After having been convicted on 9 March 2017 by the Paris Court of First Instance for counterfeiting a photograph taken by the photographer Jean François Bauret, contemporary art artist Jeff KOONS was convicted again on 8 November 2018 for counterfeiting a photography taken for the purposes of an advertising campaign.

In 2014, on the occasion of a retrospective exhibition dedicated to Jeff KOONS' work, the Pompidou Center in Paris exhibited a sculpture entitled "Fait d'hiver" presented as created by the artist in 1988 and forming part of the "Banality" series.

The colorful sculpture represents a half naked brunette woman with short hair, lying in the snow, with a little pig leaning over her. The pig, surrounded by two penguins, is wearing a flowers necklace and a barrel of Saint-Bernard dog around its neck.

Subsequently, the artist, the Pompidou Center, the owner of the sculpture (Stichting Fondazione Prada), and the publisher of a book reproducing the work (Flammarion), were sued by a freelance artistic director (photographer) who claimed to have created an advertisement for the Naf-Naf brand in 1985.

This advertisement, published in various fashion magazines, was also entitled "Fait d'hiver", and has similarities with the sculpture of Jeff Koons. Indeed, it represents, in black and white, a young brunette woman with short hair, lying in the snow, with a little pig leaning over her wearing a barrel of Saint-Bernard dog around its neck.

In favor of the plaintiff, the Court has admitted the originality of the photograph, and found that "the whole composition shows a certain creativity of its author, giving the staging the imprint of his personality, and confers to the photograph "Fait d'hiver" an original character, giving it the right to protection under copyright law".

Concerning copyright infringement, the Court proceeds by comparison and notes that, with the exception of minor differences, the highly recognizable staging of the photograph is the same as in the sculpture, and deducts from this that the original elements of the photograph are reproduced in the sculpture.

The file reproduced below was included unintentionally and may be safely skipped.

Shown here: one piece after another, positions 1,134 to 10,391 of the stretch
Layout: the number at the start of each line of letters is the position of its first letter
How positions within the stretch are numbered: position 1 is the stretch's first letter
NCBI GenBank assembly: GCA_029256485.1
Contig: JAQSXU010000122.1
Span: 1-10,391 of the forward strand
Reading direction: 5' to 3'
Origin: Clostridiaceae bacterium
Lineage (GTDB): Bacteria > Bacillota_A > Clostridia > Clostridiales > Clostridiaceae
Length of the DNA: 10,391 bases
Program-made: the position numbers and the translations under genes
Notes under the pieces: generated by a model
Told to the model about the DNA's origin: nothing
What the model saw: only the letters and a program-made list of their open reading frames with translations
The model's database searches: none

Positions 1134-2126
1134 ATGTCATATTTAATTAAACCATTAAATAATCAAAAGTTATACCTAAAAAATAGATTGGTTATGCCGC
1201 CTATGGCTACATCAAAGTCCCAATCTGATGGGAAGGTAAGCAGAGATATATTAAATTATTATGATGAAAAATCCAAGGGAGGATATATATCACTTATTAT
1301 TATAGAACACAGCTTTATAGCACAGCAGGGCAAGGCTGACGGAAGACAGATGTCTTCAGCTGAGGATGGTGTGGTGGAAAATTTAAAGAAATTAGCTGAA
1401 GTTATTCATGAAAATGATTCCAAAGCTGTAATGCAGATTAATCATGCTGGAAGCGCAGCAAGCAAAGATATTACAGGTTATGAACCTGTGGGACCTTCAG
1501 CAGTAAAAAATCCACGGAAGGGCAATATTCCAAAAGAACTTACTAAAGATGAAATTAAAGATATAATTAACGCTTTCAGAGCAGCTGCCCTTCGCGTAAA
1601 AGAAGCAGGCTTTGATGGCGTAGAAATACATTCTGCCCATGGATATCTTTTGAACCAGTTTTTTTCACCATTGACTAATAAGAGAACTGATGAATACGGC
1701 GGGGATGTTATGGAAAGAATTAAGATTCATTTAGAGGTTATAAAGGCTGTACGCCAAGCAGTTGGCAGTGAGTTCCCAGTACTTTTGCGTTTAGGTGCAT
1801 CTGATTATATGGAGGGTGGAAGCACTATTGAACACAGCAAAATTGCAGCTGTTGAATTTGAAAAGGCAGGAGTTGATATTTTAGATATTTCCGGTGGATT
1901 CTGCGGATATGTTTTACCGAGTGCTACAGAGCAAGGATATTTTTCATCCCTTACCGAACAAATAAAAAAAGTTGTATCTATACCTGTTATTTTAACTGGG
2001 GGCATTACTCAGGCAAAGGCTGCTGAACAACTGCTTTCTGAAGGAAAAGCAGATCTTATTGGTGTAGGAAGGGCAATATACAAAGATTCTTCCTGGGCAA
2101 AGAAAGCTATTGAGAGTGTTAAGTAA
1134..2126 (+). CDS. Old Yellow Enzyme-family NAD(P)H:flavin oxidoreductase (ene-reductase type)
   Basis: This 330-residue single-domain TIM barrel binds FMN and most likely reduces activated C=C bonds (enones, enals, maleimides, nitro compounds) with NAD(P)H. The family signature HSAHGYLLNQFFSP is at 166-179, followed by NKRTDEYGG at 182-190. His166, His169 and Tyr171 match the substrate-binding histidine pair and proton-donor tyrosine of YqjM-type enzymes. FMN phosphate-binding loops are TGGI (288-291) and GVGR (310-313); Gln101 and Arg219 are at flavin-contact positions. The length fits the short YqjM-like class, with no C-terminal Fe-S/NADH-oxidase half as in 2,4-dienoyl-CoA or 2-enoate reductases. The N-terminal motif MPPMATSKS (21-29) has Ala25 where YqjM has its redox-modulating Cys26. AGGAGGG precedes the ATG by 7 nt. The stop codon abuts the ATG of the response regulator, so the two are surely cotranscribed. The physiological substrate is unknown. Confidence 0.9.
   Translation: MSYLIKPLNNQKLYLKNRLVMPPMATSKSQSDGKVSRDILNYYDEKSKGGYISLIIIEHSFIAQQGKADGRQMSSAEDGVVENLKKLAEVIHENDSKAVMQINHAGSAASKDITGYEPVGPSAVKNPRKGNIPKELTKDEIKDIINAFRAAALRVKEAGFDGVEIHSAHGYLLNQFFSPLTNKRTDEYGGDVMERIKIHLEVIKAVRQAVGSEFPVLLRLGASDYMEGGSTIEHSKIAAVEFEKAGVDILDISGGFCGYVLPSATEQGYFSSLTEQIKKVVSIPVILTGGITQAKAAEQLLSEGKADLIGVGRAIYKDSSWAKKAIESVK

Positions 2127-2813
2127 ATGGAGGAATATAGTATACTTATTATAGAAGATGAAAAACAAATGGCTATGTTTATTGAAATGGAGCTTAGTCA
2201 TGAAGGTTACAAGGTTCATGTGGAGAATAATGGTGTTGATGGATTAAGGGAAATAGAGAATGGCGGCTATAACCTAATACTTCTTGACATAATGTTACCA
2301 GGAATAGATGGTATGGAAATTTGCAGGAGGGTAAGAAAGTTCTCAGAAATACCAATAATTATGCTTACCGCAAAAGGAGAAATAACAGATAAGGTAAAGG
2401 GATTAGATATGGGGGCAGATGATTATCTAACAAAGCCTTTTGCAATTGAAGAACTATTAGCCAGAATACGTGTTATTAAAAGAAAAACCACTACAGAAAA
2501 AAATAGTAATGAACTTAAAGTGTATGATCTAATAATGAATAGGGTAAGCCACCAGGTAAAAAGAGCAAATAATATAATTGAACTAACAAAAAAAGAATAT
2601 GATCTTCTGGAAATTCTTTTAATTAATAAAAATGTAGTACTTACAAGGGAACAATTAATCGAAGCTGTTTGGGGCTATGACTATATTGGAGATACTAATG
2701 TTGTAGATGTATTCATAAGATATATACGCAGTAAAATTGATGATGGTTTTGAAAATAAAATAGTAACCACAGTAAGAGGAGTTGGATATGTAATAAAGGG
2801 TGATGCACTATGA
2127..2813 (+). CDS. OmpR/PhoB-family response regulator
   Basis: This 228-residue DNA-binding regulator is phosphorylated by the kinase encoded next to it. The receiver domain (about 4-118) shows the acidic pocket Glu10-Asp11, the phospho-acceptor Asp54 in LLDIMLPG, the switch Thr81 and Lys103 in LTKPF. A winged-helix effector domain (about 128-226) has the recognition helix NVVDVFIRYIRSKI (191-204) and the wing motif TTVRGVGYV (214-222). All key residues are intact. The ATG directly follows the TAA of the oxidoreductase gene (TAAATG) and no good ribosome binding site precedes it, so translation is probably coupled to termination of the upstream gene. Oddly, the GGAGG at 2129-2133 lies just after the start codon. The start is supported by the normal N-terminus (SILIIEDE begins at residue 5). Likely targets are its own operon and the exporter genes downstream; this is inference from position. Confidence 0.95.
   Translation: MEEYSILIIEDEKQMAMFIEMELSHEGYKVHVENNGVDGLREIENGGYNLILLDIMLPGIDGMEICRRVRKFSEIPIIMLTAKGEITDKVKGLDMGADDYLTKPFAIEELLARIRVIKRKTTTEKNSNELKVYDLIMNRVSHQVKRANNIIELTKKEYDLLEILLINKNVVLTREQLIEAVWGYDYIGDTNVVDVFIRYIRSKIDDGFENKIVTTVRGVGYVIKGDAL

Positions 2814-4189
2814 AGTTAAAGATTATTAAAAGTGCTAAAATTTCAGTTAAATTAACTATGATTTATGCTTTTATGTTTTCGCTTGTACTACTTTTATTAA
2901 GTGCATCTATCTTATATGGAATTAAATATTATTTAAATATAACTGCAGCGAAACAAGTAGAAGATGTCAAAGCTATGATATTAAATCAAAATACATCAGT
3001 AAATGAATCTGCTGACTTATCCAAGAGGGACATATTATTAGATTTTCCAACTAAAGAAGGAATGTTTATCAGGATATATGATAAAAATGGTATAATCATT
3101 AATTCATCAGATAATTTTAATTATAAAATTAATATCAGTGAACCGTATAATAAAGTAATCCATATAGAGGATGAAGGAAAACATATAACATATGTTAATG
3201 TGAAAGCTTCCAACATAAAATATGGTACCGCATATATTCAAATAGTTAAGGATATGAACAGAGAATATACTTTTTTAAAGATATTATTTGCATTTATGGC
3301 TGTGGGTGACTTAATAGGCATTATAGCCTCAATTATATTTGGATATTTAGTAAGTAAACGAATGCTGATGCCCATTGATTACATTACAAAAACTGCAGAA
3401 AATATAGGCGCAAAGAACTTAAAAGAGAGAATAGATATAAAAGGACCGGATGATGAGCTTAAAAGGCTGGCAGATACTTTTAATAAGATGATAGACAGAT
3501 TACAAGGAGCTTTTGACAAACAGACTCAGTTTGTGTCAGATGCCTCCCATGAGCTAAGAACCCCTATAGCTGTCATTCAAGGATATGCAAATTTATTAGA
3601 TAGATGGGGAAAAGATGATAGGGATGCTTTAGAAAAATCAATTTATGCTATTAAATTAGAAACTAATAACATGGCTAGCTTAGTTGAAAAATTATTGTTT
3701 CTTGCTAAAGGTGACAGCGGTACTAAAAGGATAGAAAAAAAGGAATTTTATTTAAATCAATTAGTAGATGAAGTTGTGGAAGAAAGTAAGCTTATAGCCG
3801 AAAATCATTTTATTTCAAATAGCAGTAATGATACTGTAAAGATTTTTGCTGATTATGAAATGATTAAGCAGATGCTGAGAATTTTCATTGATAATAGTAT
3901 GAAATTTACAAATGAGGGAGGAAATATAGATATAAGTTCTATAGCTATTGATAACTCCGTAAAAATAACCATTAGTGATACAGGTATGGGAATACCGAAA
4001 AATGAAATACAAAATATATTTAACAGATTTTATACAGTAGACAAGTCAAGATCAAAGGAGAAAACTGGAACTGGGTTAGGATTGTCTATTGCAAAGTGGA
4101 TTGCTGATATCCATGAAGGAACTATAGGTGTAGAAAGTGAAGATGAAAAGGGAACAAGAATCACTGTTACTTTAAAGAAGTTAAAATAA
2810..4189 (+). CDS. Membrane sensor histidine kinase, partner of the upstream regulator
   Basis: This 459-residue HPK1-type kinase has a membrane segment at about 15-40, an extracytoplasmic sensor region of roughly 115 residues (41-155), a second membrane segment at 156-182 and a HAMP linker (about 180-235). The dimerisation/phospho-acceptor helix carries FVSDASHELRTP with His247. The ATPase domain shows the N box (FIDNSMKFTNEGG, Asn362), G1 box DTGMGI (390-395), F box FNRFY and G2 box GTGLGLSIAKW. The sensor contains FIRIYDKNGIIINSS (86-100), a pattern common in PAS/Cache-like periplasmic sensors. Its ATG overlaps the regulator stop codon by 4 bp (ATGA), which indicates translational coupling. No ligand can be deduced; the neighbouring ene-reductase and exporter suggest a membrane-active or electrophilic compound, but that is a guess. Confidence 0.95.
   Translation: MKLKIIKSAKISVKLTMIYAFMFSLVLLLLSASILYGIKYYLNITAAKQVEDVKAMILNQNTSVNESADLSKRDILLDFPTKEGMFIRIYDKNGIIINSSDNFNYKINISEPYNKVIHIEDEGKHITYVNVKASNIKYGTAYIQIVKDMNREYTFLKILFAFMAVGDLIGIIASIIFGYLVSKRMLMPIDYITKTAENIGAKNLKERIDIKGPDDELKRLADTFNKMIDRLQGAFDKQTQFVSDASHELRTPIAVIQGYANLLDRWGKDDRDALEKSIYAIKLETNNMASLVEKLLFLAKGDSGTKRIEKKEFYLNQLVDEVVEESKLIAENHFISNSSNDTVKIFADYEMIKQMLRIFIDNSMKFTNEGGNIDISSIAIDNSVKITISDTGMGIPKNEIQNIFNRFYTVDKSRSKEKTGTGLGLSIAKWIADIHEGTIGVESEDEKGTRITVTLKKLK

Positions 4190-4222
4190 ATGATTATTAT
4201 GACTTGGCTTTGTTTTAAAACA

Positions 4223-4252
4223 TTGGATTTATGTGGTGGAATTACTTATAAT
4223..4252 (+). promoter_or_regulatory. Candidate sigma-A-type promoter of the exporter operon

Furthermore, the Court rejects the so-called “parody exception” considering that the absence of notoriety of the photograph does not allow the public to distinguish the parodied work (the work of the photograph) from the alleged parody, whereas that is required to rely upon this exception. 

More importantly, it is on the freedom of artistic expression, also invoked by Jeff Koons, that the Court's reasoning was particularly expected. On this point, the Court first recalls that according to ECJ’s case-law, freedom of expression is endowed with a greater or lesser force depending on the type of discourse, distinguishing when mere commercial interests are pursued and when the general interest is involved.

In the present case, the Court considers that by "substantially" reproducing this visual, which is unknown to the public, Jeff Koons may not allege that he intended to create "a debate of general interest”, or even a debate concerning art, which would justify his appropriation of a protected work.

Curiously, the Court goes even further in stressing that "there is every reason to believe that the reworking of the photograph is based on Jeff KOONS's personal and specific considerations, allowing him to use the composition of the photograph, which, as the plaintiff rightly points out, already contained a surprising and fanciful character, and this, by avoiding creative work, which could not be done without the authorization of the author of the "first" work"”.

On this basis, the Court ordered the defendants to pay €135,000 in damages, Jeff Koons to pay in addition €11,000 for having reproduced the sculpture on his website and the publisher to pay €2,000 for having marketed a book reproducing the work.

However, it is worth noting that the Court has rejected the request for confiscation of the work of Jeff Koons, which has an approximate value of 3,000,000 euros.